Kinetic and kinematic symmetry analysis of different jump-landing tasks is often used to determine both an ACLR athlete’s risk for a second ACL injury and when they can return to sport. One metric that has not been widely considered for this assessment is leg stiffness and its associated symmetry value between legs. Leg stiffness during jump landings is simply the deformation of the leg in response to the application of ground reaction force. If an athlete lands with limited joint excursions and higher ground reaction forces, the energy absorption involvement of the leg muscles is reduced and the joints may experience harmful levels of loading. ACLR athletes are known to load or favor their nonsurgical leg more than their surgical leg during the landing phase of a jump, and it is possible that this causes increased asymmetry between legs in terms of leg stiffness and related measures of joint power and joint work. The purpose of this study is to compare the stop jump performance of an ACLR group and a healthy control group to determine if ACLR athletes use altered landing mechanics that put them at risk for a second ACL injury.
The purpose of this study is to determine the validity of using a 2D marker-based video tracking system and a markerless 3D system, based on the fundamentals of geometry and stereoscopic images, when compared with the gold standard, 3D motion capture. Several measures will be calculated using the 3D motion capture system. Results from the two other tracking methods will be compared to those of the gold standard to determine the validity of the new systems. This method could allow for more widely and clinically accessible data collection methods to be used to gather kinematic movement data. These techniques could then be used during rehabilitation, gait and injury risk assessments, and preventative care efforts driven by movement evaluation.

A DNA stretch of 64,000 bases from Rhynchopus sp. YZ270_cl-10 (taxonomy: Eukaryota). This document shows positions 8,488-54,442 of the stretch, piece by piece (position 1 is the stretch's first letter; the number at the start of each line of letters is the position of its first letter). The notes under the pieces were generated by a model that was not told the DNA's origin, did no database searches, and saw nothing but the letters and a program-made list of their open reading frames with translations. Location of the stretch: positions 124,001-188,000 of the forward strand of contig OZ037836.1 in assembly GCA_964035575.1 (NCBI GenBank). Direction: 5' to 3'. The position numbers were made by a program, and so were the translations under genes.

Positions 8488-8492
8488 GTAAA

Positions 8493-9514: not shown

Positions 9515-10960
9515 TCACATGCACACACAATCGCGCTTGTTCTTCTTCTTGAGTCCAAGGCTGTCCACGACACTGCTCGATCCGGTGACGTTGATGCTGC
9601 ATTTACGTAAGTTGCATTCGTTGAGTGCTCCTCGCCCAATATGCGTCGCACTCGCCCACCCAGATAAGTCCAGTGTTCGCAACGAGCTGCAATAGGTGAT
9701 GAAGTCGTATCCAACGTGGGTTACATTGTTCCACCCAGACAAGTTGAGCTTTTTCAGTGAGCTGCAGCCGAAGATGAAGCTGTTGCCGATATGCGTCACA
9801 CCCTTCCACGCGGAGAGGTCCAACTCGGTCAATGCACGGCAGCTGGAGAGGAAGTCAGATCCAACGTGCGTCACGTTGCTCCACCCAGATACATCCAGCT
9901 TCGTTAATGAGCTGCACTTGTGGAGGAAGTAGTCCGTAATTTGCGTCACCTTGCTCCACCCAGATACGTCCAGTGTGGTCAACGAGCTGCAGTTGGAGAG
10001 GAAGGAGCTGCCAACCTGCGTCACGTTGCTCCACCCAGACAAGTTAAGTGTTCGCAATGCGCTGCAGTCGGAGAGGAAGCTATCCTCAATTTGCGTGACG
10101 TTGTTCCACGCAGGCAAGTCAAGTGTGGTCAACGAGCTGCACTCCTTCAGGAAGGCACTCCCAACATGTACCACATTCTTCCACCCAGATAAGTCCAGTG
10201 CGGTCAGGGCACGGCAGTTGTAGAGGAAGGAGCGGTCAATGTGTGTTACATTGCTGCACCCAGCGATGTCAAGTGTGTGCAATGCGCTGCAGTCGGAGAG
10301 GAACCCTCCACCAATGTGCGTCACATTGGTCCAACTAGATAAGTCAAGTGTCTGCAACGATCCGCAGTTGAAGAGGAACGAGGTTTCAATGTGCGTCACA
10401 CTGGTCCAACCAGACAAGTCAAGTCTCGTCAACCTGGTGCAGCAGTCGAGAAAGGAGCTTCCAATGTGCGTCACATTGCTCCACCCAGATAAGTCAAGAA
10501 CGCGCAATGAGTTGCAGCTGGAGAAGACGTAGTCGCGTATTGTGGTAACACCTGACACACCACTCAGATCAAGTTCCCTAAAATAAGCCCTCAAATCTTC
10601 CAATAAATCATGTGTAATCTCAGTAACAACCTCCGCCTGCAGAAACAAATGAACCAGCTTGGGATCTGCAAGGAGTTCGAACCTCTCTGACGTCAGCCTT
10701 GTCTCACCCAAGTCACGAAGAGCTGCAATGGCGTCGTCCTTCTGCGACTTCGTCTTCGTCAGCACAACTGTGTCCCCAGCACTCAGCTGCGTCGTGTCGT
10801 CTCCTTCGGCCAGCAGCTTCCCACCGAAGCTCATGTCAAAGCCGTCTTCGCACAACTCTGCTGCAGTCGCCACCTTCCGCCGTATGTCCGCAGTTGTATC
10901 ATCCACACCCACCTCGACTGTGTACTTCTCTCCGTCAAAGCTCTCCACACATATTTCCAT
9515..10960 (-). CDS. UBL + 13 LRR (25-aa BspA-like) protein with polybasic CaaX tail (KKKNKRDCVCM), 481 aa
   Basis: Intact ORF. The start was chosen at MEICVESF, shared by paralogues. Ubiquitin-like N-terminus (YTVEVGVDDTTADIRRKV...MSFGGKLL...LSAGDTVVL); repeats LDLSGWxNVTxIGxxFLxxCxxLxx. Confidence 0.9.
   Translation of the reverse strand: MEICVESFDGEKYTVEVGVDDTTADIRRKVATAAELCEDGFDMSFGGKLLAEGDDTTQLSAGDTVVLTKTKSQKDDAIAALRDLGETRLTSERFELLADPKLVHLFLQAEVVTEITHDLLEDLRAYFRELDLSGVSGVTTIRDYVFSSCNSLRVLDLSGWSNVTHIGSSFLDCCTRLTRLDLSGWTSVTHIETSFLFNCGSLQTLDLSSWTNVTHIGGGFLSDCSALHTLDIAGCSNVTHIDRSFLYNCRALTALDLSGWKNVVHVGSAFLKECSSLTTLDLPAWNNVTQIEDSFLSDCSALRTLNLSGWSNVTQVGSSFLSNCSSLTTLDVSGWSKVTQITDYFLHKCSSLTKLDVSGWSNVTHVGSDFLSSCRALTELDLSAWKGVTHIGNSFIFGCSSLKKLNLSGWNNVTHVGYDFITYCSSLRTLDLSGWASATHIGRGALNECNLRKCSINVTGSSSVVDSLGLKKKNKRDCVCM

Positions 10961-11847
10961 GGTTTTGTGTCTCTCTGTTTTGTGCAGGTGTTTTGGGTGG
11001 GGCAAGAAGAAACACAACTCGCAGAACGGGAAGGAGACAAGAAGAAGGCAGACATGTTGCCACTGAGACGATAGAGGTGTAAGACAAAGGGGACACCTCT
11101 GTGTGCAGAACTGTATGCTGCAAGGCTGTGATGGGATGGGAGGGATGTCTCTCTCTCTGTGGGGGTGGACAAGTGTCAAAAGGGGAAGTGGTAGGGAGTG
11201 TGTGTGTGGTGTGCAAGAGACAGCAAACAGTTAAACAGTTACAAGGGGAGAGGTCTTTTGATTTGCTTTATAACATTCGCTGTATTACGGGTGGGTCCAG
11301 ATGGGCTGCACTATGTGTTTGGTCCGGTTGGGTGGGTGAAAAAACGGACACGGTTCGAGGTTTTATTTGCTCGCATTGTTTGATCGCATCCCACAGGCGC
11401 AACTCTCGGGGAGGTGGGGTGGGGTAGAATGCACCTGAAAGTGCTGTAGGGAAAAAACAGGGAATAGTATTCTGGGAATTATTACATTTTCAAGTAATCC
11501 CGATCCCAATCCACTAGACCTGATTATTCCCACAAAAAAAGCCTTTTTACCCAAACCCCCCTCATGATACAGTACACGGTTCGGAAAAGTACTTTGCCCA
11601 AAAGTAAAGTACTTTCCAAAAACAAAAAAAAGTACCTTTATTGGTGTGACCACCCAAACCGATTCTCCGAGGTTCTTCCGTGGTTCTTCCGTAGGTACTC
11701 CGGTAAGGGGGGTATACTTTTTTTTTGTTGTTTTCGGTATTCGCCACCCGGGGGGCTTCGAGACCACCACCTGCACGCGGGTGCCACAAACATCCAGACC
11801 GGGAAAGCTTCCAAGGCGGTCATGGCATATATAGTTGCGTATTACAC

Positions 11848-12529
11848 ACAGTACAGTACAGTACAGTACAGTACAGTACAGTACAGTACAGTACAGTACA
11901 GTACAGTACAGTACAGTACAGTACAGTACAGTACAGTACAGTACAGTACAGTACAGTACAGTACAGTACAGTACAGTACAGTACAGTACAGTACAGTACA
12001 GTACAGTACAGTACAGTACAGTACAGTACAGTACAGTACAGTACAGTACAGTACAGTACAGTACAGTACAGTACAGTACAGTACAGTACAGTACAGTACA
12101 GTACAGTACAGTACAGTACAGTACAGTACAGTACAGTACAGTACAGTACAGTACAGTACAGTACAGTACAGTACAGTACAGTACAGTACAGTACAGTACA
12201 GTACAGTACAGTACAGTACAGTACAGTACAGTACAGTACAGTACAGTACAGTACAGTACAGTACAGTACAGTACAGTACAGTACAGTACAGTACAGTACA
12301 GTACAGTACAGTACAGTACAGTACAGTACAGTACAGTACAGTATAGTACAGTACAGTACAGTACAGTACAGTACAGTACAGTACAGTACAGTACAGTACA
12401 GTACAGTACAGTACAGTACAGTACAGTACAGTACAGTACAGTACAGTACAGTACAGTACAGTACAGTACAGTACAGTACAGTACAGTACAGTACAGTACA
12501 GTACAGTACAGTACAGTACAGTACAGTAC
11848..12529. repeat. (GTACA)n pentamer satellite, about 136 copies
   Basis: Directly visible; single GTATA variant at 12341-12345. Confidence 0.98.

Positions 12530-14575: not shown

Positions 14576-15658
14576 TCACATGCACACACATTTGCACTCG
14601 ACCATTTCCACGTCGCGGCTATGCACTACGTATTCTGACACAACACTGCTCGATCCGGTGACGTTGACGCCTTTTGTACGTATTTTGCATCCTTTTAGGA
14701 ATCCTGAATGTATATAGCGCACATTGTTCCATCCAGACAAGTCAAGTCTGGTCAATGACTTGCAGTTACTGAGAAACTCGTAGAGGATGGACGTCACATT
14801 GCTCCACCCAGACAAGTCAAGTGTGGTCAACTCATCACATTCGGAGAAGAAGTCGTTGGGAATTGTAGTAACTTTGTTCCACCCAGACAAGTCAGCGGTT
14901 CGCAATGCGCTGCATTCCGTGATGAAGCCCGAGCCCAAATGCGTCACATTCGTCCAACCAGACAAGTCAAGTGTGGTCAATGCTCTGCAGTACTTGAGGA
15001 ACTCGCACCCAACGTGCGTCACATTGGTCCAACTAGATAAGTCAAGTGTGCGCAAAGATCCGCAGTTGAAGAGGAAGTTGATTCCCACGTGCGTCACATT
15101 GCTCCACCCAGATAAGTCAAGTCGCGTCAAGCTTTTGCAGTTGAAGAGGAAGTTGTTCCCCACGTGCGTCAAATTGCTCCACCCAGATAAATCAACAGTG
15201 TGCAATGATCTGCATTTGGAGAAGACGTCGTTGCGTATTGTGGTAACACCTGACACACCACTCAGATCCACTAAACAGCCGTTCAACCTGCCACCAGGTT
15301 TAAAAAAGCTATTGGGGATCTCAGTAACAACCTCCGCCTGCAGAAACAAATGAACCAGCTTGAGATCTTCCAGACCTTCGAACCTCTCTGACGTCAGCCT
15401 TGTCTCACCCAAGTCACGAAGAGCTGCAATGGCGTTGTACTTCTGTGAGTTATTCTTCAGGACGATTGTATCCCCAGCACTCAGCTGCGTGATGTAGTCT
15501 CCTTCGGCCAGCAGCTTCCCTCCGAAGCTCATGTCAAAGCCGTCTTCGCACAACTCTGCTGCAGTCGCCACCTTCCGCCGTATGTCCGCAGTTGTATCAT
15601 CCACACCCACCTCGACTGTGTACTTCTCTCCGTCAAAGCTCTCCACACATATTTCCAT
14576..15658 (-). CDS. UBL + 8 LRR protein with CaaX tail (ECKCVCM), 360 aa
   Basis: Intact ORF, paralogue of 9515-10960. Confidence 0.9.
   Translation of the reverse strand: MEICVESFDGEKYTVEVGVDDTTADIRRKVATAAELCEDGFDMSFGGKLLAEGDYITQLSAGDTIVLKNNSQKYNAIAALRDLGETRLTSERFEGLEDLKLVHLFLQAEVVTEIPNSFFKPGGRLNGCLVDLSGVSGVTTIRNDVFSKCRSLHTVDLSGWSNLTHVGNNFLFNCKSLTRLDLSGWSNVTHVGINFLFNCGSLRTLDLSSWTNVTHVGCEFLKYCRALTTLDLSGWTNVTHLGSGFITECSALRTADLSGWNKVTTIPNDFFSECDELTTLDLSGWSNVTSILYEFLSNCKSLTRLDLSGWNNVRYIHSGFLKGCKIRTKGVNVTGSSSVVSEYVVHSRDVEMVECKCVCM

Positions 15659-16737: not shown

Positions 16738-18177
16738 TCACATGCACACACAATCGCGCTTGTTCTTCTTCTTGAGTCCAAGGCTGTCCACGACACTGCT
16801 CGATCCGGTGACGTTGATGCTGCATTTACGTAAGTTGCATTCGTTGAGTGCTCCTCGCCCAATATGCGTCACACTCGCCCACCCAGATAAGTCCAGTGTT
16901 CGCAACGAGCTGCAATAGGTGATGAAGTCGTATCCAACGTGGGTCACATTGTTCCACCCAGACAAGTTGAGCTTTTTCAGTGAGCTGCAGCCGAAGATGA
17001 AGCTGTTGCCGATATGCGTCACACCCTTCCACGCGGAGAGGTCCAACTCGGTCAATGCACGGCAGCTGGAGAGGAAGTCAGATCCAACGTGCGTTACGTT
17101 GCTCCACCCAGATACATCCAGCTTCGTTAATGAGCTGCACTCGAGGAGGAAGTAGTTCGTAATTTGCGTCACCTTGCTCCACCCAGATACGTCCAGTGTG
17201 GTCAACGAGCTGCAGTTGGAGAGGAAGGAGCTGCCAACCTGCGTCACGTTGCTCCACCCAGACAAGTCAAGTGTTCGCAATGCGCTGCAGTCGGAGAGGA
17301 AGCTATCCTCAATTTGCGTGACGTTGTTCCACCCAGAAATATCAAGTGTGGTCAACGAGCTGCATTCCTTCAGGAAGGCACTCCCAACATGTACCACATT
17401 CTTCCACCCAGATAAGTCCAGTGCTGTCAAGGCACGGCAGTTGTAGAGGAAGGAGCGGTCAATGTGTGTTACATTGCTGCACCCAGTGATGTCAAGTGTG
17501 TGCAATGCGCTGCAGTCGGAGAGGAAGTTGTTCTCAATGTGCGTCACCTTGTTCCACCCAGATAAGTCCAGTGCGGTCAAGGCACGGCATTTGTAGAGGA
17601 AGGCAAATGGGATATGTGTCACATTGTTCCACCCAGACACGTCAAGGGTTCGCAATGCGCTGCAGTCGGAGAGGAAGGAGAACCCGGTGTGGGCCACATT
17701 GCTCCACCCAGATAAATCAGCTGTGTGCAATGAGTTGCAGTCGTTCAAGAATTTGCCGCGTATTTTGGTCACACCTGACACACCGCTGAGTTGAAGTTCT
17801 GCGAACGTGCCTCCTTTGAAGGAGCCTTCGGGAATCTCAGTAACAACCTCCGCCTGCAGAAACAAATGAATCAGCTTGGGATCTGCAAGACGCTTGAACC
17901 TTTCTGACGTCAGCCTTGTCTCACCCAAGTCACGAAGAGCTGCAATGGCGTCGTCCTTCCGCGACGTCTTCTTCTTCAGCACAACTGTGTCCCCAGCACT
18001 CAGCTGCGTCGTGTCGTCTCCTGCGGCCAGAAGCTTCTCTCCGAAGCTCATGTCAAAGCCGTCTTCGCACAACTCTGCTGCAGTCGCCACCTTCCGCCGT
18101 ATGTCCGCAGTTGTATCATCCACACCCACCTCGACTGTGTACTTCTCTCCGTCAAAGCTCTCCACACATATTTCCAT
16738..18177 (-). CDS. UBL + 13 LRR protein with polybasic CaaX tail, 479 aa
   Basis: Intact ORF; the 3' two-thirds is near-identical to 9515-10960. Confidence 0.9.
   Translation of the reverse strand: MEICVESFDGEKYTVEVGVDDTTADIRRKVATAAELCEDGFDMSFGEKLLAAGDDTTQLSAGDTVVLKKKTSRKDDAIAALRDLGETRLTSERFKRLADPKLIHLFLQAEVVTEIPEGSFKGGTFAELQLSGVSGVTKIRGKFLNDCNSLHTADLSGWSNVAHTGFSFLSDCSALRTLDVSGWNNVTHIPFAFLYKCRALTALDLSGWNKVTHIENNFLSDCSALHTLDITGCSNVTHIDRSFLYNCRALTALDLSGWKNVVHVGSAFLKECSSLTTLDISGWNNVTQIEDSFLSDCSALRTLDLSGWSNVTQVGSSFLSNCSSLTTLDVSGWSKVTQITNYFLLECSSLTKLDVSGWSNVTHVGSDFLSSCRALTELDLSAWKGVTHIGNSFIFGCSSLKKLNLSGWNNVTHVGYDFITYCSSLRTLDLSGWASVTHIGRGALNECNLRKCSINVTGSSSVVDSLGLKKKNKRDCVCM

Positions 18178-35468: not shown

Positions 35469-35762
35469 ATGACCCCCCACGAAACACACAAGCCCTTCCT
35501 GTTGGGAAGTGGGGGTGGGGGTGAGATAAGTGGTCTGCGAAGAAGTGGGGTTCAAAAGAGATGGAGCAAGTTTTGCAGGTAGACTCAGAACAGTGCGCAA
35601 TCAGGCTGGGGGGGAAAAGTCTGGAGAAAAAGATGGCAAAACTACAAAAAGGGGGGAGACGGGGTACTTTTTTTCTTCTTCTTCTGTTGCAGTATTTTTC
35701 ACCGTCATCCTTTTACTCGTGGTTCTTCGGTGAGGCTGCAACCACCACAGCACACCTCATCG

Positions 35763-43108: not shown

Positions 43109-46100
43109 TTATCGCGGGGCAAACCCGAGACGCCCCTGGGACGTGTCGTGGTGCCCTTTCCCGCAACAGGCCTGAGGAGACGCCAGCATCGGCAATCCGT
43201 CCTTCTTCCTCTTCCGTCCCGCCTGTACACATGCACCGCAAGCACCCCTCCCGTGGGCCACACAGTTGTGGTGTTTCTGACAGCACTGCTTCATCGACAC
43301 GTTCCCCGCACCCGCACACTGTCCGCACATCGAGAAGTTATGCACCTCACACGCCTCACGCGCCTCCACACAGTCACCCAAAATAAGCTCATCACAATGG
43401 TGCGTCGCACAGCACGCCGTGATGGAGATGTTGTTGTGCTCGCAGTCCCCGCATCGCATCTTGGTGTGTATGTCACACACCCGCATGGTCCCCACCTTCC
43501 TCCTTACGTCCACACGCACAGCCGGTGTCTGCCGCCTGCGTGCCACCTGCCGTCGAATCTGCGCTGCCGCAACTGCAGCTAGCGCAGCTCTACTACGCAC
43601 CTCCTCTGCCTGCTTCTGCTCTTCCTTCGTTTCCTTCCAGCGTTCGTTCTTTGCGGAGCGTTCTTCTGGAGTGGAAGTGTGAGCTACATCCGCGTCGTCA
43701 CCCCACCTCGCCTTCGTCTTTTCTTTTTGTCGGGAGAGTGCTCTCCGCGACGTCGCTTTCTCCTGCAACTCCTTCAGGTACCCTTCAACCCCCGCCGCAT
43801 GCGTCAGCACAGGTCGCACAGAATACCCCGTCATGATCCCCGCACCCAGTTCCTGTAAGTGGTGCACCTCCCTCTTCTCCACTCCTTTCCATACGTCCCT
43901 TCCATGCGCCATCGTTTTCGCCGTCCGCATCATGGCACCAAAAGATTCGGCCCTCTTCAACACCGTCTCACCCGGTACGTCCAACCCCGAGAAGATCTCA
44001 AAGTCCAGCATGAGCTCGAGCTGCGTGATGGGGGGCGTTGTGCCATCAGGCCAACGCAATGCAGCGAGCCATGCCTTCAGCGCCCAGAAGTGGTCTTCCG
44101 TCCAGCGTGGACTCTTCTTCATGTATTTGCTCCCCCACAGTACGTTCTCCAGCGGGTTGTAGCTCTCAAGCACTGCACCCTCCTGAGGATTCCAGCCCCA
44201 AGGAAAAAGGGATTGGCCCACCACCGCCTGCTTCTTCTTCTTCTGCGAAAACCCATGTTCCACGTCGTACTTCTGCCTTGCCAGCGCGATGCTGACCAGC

This study aims to examine symmetry differences within an individual throughout different daily functional tasks. These tasks include level walking, standing up/sitting down from a chair, and ascending and descending stairs. Study participants will be provided with a pair of shoes that are compatible with our in-shoe force sensors. These flat and flexible in-shoe load-sol® sensors cover the bottom of each foot, pair via Bluetooth with an iPad, and measure the resultant force between the foot. By characterizing symmetry deficits during these daily tasks in a younger adult, uninjured population, we aim to identify rehabilitation benchmarks and thresholds for what would be defined as a healthy level of symmetry.
Athletes are always looking for different ways to improve in their sports. Footwear choice is an important variable to consider for any athlete. The design of footwear has the ability to impact athletic performance. This project aims to determine the biomechanical differences caused by differing material properties of shoe upper panels. Using three shoes prototyped with different upper panel materials, we are looking at jumping performance differences as well as foot-specific responses. This information will help provide athletic footwear manufacturers with the knowledge of how materials properties can impact athletic performance in the shoes that they design.
ACL injuries are common among athletes and due to residual muscle weakness, limited knee motion and asymmetrical movement patterns after surgery many of these athletes will sustain secondary ACL injuries following return to sports. This project seeks to determine if a novel biofeedback-based rehabilitation approach can decrease a known risk factor for secondary injuries to the ACL. The project specifically focuses on correcting asymmetric movement patterns, a known risk factor for secondary injury that is not directly addressed by existing interventions through a 6 week therapy based biofeedback intervention.